Message To An Iconographer

Next month, part two of this article will give a synopsis of the “Message to an Iconographer”. This was  a document widely circulated for and amongst Iconographers of that day. It attempts to set standards of Iconographic practice and is worth reading and understanding forts bearing on creating Icons today.

Andrei Rublev, Christ Savior Icon
Andrei Rublev, Christ Savior Icon

Thirteenth. Fourteenth and Fifteenth  Century Russia

During the thirteenth century, an original artistic language specific to Russia began to appear.  It reflected the spiritual life of the people, their holiness and their way of assimilating Christianity.  Russian sacred arts from this time are inspired by a direct, living knowledge and experience of Revelation.

In the fourteenth and fifteenth centuries, the spiritual leader, Sergius of Radonezh, consecrated his church to the Holy Trinity, “so that contemplation of the Holy Trinity might conquer the fear of this world’s detestable discord”.  It was a time of feudal wars, Mongol raids, and general unrest, but Radonezh was confident of the power of the sacred image to influence his world.

Revival in Russia

Russia, through its own suffering of the Tartar invasion, experienced the Gospel intensely.  There was widespread understanding that the power of Christ was participating actively in the lives of the Russian people, helping them in time of need.  From this intensity of faith, Russia’s pictorial art reached its highest expression. Today we appreciate these examples of Iconography for their intense and joyful colors, expressive form and their freedom and spontaneity.

During this period, hesychasm and Orthodox Christianity were closely linked. St Sergius’ monastery became the spiritual center of Russia and the hesychast influence. The theology of hesychasm is reflected in the spiritual content and character of the Icons of that period.  Zealous in the life of prayer and fasting, the famous iconographers, Daniel and Andrei Rublev were able to receive divine grace and perceive the divine, immaterial light that we see in the colors of their Icons.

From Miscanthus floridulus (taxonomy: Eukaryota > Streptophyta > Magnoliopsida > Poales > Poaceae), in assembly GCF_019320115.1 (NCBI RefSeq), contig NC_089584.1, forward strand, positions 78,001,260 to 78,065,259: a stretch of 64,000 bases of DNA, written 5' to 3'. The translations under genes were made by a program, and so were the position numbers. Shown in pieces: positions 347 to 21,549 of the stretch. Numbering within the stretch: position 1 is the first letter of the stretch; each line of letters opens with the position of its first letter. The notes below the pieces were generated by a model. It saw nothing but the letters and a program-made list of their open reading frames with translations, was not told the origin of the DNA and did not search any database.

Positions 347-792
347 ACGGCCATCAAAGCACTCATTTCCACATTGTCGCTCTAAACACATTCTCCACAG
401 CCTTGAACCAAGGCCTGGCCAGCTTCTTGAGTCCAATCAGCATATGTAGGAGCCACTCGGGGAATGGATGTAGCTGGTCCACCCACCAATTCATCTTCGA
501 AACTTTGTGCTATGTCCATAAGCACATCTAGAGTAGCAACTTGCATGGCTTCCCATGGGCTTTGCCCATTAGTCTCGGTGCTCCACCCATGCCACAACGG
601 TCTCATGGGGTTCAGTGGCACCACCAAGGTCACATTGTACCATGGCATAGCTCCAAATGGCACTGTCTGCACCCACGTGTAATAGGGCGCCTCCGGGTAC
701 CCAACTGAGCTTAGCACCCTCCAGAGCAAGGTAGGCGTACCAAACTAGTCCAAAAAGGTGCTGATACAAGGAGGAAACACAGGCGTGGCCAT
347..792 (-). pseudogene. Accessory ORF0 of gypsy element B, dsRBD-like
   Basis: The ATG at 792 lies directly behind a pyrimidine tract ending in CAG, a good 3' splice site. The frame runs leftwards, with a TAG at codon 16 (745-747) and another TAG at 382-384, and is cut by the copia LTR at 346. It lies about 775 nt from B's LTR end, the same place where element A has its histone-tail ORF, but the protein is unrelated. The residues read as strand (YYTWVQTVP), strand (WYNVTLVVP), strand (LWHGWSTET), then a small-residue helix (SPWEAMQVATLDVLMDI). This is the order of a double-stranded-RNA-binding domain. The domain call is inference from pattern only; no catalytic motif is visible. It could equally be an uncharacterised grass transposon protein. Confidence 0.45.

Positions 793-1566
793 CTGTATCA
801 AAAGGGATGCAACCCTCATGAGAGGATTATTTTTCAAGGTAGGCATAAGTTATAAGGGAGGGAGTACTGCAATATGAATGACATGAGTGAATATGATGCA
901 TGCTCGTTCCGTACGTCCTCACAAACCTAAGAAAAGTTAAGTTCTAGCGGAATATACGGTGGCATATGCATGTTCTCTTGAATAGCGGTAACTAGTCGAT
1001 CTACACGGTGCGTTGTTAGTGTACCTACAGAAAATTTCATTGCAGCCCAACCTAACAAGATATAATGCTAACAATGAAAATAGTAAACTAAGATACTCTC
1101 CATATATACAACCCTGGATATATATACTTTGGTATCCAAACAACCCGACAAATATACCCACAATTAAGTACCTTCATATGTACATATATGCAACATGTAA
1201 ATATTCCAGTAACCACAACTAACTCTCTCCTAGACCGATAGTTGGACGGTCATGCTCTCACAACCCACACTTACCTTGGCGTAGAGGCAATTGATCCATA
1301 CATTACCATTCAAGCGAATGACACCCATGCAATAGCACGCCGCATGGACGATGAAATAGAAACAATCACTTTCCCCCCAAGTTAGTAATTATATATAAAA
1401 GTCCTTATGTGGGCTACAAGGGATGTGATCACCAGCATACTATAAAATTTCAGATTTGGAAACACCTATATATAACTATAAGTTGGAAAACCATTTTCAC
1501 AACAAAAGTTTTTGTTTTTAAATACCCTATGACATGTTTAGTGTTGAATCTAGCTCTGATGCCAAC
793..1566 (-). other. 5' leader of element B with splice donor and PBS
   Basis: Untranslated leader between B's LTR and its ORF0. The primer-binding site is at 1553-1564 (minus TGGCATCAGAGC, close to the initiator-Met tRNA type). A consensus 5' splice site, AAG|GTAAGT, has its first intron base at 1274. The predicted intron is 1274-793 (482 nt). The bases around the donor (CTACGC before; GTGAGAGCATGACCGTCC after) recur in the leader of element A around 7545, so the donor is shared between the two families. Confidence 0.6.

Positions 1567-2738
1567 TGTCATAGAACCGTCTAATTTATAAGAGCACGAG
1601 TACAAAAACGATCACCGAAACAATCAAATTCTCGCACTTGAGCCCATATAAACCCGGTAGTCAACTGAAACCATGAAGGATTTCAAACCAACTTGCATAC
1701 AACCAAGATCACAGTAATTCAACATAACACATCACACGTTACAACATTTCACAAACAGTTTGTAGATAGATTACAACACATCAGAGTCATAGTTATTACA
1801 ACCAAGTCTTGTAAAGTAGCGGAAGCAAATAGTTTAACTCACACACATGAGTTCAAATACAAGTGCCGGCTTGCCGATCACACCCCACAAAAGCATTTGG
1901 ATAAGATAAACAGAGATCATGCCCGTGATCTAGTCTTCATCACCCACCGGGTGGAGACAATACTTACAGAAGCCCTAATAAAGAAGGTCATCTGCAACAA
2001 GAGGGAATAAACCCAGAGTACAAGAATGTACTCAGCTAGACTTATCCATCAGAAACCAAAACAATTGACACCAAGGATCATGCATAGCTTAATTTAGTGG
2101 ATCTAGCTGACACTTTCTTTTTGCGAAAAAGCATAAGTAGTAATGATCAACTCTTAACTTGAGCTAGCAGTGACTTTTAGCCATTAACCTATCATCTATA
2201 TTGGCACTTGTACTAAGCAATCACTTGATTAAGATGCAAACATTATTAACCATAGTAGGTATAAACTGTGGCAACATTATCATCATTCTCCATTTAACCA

Virgin of Vladimir, Andrei Rublev Icon
Virgin of Vladimir, Andrei Rublev Icon

Dionysius

Master Iconographer Dionysius was also guided by hesychasm and the teaching of inner prayer. These great Iconographers were not concerned with earthly things but always prayed to raise their spirits and thoughts toward the divine, immaterial light.

As Iconographers today, may we always seek to keep prayer as the central focus of our praxis, and learn from those who went before us.

Links to Books on Russian Icons

Here are a few links to websites that have books on Russian Icons:

Kolomenskaya Versta

Natural Pigments  

Amazon

Icon Writing Classes in 2019 

Icon Retreats

Click Here To sign up to receive this newsletter:

 

Sacred Geometry II

Greetings Fellow Iconographers:       images

When we open our eyes to see the sacred geometry inherent not only in nature, but also in Iconographic composition we enter into the world of sacred symbolic language.  The Byzantine culture understood that it is essential to understand and use abstract symbolic representation.  The primary reason is that we are depicting God’s universe, that heavenly realm that operates differently from our humanistic, materialistic world.  We want to  convey this God centered point of view in Icons and the best way to do that is to understand and implement sacred geometry within our compositions.

Shapes and Patterns        images-2

Identifying shapes and patterns helps us understand principles of symmetry, balance, and motion within the Icon. When we cooperate with and work in agreement with universal principles handed down through the centuries, we can participate in creating a universal visual language that can speak the truth of God, the Bible, and the Gospels, bringing our everyday lives into this sense of harmony and cooperation.

Simple Geometric Constructs

Blessed Pauli Murray Icon by Peter Antonci
Blessed Pauli Murray Icon by Peter Antonci

A simple geometric composition for single figure Icons is the triangle which is set upon a plinth.  By measuring the height and width of the Icon composition, finding the vertical and horizontal axis, and drawing the diagonals from each corner of the base to the central axis point at the top of the composition, one can create an Icon using sacred geometry.

In the recent Sacred Geometry Icon Retreat at Holy Cross Monastery in West Park, NY, students used this method for the construction of their Saint Francis Icon.

Olifa of Saint Francis Icon
Olifa of Saint Francis Icon